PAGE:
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The Secret Life of Children's Books

This two part OU/BBC co-production looks at the secret lives of 'The Five Children and It' by E. Nesbitt and 'The Water Babies' by Charles Kingsley. 

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Richard Cole holding 'Act' and 'The Water Babies' Copyrighted  image Icon Copyright: BBC There are some children’s books that are so important that they become more than just literature – they enter deeply into our collective imagination in a way few adult books can. The Secret Life of Children’s Books tells the story of two of these masterpieces, revealing just why they continue to resonate so powerfully. 

Five Children and It

Edith Nesbit is probably best known for The Railway Children but her earlier book Five Children and It was even more influential – its blend of magic and realism paving the way for the Narnia stories and Harry Potter. In this film, actress and Nesbit fan Samantha Bond delves into the origins and legacy of the book that can be arguably said to have kick-started modern children’s fiction. Samantha discovers how the book was born out of Edith’s rootless childhood and the struggle to bring up her own family. She reveals the bohemian ménage-a-trois behind the book’s image of a happy family.  And she finds out about the terrible tragedy that coloured Edith’s imagination and which gave birth to a new kind of children’s fiction.

The Water-Babies

Written in 1862 by the Reverend Charles Kingsley, The Water-Babies tells the story of a young chimney sweep called Tom. Transformed into an aquatic creature he finds redemption amongst the pulsing life of the open ocean. In this film Church of England vicar and former pop star, The Revd. Richard Coles, dives beneath the surface of a children’s classic to reveal the revolutionary science behind The Water-Babies. He finds out how the book was born out of a sense of outrage at the suffering of young sweeps and how its popular success led to a change in the law. He grapples with the dark side of The Water-Babies – exploring how the book’s “muscular Christianity” was tainted by racial prejudice. And he discovers how Kingsley’s classic contained a sense of feminine spirituality seemingly at odds with whiskery Victorian stereotypes

The first episode of The Secret Life of Children's Books will be broadcast on BBC Four on Monday 4th July 2016 at 8.30pm, the second episode airs on Monday 11th July at 10pm. Full broadcast details, and watch again links, can be found on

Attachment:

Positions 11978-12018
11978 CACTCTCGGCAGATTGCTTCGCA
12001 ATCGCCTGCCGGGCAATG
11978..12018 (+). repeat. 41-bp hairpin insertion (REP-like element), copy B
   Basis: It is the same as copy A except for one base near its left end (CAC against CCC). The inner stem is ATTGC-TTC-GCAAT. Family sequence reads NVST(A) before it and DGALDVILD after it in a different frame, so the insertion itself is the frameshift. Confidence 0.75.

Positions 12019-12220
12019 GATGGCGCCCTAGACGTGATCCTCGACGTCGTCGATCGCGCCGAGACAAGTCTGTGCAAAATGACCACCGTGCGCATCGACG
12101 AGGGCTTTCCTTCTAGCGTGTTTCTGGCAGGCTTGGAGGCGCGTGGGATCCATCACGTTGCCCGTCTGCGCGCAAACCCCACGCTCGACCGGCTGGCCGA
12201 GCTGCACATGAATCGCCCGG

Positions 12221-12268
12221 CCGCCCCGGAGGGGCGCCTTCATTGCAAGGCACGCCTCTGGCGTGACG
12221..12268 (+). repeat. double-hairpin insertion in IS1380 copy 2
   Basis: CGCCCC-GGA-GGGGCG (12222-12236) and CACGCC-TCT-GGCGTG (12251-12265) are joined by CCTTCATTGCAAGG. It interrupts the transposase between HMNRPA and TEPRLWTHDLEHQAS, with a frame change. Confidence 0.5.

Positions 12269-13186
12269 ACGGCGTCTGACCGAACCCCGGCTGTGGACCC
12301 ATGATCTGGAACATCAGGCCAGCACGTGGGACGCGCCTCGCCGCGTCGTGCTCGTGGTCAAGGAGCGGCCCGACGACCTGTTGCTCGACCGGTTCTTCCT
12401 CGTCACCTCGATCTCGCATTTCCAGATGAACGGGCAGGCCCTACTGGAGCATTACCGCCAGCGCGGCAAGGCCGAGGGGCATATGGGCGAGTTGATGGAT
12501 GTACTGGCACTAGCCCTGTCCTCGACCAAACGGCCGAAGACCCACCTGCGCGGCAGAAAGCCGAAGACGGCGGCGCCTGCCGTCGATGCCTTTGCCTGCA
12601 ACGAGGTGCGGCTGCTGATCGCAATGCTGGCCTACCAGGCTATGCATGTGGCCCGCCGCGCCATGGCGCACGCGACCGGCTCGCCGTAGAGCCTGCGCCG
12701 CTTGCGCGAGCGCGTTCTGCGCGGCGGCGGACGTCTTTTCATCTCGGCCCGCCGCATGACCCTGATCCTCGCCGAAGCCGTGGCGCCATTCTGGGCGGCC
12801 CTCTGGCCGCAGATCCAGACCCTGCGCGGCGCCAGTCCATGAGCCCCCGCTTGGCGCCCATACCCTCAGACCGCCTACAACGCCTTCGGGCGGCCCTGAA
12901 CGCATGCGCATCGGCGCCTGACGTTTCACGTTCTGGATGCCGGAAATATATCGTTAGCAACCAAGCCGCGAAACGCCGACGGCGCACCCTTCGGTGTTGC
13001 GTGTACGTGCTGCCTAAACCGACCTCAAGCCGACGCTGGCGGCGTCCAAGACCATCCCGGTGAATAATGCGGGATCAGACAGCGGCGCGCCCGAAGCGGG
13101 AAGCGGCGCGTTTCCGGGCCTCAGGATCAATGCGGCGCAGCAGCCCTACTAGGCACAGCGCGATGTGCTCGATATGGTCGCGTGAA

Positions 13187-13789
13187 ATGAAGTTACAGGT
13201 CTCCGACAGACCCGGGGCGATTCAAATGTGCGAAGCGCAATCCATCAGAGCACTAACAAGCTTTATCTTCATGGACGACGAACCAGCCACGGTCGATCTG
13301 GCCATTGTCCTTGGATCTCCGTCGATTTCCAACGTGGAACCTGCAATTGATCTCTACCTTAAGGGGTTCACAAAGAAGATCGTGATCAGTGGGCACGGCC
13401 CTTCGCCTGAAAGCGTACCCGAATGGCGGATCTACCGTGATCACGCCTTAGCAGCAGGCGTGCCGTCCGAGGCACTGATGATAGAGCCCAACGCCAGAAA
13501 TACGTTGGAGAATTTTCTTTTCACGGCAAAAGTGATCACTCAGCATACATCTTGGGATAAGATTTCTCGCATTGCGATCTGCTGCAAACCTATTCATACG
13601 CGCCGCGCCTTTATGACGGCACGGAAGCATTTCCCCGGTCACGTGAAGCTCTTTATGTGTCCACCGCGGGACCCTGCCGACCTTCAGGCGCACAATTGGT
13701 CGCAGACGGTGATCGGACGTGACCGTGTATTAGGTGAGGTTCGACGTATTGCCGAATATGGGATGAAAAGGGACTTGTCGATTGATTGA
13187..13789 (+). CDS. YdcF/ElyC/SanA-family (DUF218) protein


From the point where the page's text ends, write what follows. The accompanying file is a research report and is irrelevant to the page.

The Water Babies

Richard Coles in the tank room with jarred animals. Copyrighted  image Icon Copyright: The BBC Published in 1863 Rev. Charles Kingsley’s The Water-Babies was an instant hit and remained a mainstay of British children's literature well into the 20th century.

The story of Tom, a young chimney sweep, who is transformed into a "water-baby" after drowning in a river, seems, on the surface, a straightforward piece of Victorian moralising. But plunge below the surface and the book yields unexpected depths…

The book was intended in part as a tract against child labour and especially against the brutal practise of sending little boys – some as young as six- up chimneys to scrape them clean.

But The Water-Babies was also a commentary on the biggest scientific issues of the day. As well as being a churchman and social reformer Kingsley was also an accomplished amateur naturalist. His friend and fellow scientist, Charles Darwin, sent him an advance copy of Origin of Species which Kingsley reviewed enthusiastically.

Published just four years later, The Water-Babies helped publicise Darwin’s theories and the debate that raged amongst the scientific community. But despite its progressive views, The Water Babies also contains insulting references to Americans, Jews, blacks, Catholics and – most dismissively of all - to Irish people. These views have played a role in the book's gradual fall from popularity.

Yet for every instance of casual prejudice there are many more moments of beauty and veneration. In The Water-Babies Kingsley – the ultimate “muscular Christian” – created a world ruled not by God – but by goddesses. Feminine spirits animate the narrative and are the source of all creation.

Church of England vicar and broadcaster, Richard Coles, dives into the debate about The Water-Babies and explores its strange contradictions and idiosyncratic quirks.

Episodes in this series

Episode Description
Five Children and It Samantha Bond looks at the secret life of 'The Five Children and It'. Read more
The Water Babies In second episode of the series, Richard Coles delves into the secret life of 'The Water Babies'. Read more


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